The U.S. sanctions mean that Maduro – who has been charged with drug trafficking by the American government – and his inner circle can barely use the global financial system. They can’t buy and sell using dollars. The local currency, the Bolivar, has been rendered all but worthless by hyperinflation. Meanwhile, Venezuela’s opposition has declared Maduro an usurper of power and recognized Juan Guaidó the legitimate president of Venezuela in 2018, backed by an international coalition including the United States, Brazil and Colombia. Though the opposition’s campaign to unseat Maduro has floundered, they have successfully weakened Maduro financially.
In response, Maduro ordered the military to mine gold in southern Venezuela. It also partly explains why his government continues to allow and allegedly profit from drug-trafficking through its airstrips, sea ports and shared border with Colombia – often at the behest of military officers. Still, the scramble for dollars is palpable in Venezuela.
With the sanctions squeezing Maduro like never before, his cronies needed to improvise. And that’s where bitcoin mining comes in.
What’s ironic is that Venezuela’s military allegedly used to crack down on bitcoin miners. Three years ago members of the army were accused of raiding mining farms and stealing equipment, and at times even the bitcoin keys themselves from miners. They justified the move because crypto miners were siphoning off too much electricity from the people’s grid.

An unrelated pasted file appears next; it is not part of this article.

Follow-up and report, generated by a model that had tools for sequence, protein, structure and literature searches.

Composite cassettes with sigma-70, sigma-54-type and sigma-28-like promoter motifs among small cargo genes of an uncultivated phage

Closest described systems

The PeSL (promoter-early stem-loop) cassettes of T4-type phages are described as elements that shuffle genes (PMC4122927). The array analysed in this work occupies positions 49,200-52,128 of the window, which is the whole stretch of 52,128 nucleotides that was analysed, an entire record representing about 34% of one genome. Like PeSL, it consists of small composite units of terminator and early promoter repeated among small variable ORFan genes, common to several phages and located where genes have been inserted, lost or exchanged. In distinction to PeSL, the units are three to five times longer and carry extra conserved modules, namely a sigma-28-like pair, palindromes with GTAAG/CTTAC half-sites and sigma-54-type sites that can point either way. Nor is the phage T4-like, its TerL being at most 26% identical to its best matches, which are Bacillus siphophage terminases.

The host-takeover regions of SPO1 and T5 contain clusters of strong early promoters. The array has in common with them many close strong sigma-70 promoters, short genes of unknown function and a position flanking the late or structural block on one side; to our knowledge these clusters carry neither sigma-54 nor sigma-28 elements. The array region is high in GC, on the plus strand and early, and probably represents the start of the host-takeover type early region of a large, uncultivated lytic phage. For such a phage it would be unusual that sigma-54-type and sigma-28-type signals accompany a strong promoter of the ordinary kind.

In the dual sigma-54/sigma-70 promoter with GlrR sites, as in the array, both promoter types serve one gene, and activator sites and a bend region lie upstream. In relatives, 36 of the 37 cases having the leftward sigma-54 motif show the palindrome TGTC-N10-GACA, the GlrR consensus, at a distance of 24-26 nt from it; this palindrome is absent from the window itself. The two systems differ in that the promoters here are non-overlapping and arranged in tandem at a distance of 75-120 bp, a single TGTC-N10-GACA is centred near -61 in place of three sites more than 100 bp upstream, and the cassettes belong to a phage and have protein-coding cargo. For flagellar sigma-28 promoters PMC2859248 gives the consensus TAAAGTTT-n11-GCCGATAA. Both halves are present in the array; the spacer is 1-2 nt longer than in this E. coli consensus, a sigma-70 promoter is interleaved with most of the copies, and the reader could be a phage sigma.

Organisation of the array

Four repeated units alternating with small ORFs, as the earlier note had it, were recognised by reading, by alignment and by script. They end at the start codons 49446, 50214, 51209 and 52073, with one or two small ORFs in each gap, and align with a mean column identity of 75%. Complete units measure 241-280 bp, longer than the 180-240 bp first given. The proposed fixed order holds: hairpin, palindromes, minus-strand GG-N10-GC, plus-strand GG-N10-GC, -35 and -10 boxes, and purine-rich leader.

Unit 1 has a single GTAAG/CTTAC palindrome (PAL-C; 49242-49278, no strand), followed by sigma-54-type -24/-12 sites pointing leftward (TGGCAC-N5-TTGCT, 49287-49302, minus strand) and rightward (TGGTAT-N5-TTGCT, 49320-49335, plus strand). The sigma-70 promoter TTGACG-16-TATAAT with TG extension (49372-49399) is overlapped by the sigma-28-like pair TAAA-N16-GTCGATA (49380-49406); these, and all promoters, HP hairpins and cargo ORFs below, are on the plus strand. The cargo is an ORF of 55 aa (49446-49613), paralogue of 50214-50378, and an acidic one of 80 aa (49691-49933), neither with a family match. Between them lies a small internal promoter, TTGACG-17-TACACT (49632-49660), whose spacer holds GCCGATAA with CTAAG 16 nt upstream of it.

Juan José Pinto, the CEO of DoctorMiner, a private crypto miner in Venezuela, attributes the notorious blackouts of 2018 to poor maintenance in the grid. The blackouts coincided with an uptick in crypto mining.
“Now that the government has changed its priorities, mining crypto is going official and they are trying to show what’s happening. Now that it’s accepted by the government, they’re making it official,” he said.
“The military is mining because of U.S. sanctions. You’re not allowed to gain access to the dollar or any other international currency that easily, but now with mining bitcoin the military can get access to hard money extremely easily. And the coins that you get by mining are virgin coins that you can exchange easily.”
There’s another reason. Bitcoin miners love Venezuela because electricity is virtually free. Miners convert electricity into bitcoin by solving a set of computational problems that validates the next block of transactions on the cryptocurrency’s underlying network. Cheap electricity is key for profitable crypto mining.